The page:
Users will talk their way through requests for directions to the nearest fuel station from their telematics service provider, say, or to place a phone call to the office, or download e-mail. Telematics service providers will speak to car occupants using the built-in cellular connection to the car, as they do now.

The not-fully-developed portion of voice-based control actuation may just be the ability of the software algorithms in the car to convert text to speech (to read aloud e-mail or other non-preset items to the driver) and speech to text (to take e-mail as dictation, for example). Further complicating these efforts is the electronics' ability to recognize speech and respond with speech of its own, even in a convertible or other noisy car. Everyone in the automotive industry is working on this problem, either directly or through alliances.

Speech recognition specialist Temic Telefunken microelectronic GmbH, Nuremburg, Germany, supplied Mercedes-Benz with its first speech-controlled system for audio systems in its E- and S-class sedans in 1996. According to Mathias Gollwitzer, director of speech processing, Temic is within two years of supplying speech applications for a noisy car environment; a speaker in such an environment will be given dynamic (on the fly) data access to the Internet through sophisticated speech algorithms resident on a remote server.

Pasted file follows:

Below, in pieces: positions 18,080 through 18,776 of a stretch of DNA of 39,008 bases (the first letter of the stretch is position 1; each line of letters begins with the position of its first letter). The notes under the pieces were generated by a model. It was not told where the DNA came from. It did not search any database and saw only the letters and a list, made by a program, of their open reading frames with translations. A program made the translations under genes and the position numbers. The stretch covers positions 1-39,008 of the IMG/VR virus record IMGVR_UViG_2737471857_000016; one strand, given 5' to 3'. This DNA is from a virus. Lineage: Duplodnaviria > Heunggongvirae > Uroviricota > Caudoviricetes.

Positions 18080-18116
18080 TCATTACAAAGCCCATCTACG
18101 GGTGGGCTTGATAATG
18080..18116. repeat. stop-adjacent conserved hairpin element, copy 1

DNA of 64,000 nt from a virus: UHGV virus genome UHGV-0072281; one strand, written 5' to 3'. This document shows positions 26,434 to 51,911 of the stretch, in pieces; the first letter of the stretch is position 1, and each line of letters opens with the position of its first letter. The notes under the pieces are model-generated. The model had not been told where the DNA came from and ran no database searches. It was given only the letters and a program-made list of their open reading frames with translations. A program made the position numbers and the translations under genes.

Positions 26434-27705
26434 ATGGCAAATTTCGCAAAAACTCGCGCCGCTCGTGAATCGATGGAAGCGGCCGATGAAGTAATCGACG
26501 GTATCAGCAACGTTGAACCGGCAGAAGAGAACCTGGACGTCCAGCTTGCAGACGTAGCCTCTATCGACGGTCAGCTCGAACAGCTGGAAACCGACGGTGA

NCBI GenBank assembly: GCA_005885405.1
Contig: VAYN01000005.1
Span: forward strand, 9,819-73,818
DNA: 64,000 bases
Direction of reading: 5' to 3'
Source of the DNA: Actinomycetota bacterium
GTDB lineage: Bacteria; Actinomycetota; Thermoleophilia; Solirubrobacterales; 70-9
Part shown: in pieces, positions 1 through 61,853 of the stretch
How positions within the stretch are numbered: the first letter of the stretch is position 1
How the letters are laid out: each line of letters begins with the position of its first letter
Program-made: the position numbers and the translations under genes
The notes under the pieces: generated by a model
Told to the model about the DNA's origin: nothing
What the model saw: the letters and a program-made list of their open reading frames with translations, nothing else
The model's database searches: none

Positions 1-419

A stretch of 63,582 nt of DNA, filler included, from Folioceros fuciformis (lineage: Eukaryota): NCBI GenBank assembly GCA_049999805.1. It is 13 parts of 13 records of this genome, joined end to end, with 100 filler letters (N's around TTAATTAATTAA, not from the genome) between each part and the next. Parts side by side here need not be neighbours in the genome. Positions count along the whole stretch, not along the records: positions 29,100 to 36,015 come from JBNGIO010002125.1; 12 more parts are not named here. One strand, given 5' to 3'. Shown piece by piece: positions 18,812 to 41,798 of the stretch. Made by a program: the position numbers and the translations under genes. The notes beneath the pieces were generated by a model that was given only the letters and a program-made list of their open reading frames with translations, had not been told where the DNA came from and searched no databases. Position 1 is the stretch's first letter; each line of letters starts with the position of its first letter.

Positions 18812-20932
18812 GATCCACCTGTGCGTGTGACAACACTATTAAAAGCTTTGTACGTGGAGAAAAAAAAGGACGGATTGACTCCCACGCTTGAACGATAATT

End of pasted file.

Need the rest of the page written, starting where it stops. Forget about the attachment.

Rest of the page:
Temic is contributing its speech recognition abilities to the MobileGT platform of Motorola Inc., Schaumburg, Ill. The aim is to produce a modular computing platform that "ensures scalable automotive customization and offers an open architecture for a range of products focused on driver information systems," explained Scott Anderson, vice president and general manager of Motorola's Transportation Systems Group, Austin, Texas.

The scalable Java-based architecture will allow automakers to develop products and applications as desired, and specific to certain classes of cars. Thus a luxury automobile might offer everything through its MobileGT-based system--navigation; wireless connectivity for communications, traffic updates, and Internet access; natural language speech processing; car audio; virtual dashboards; and multimedia (radio, DVD, and CD)--whereas an economy car might offer only two or three items.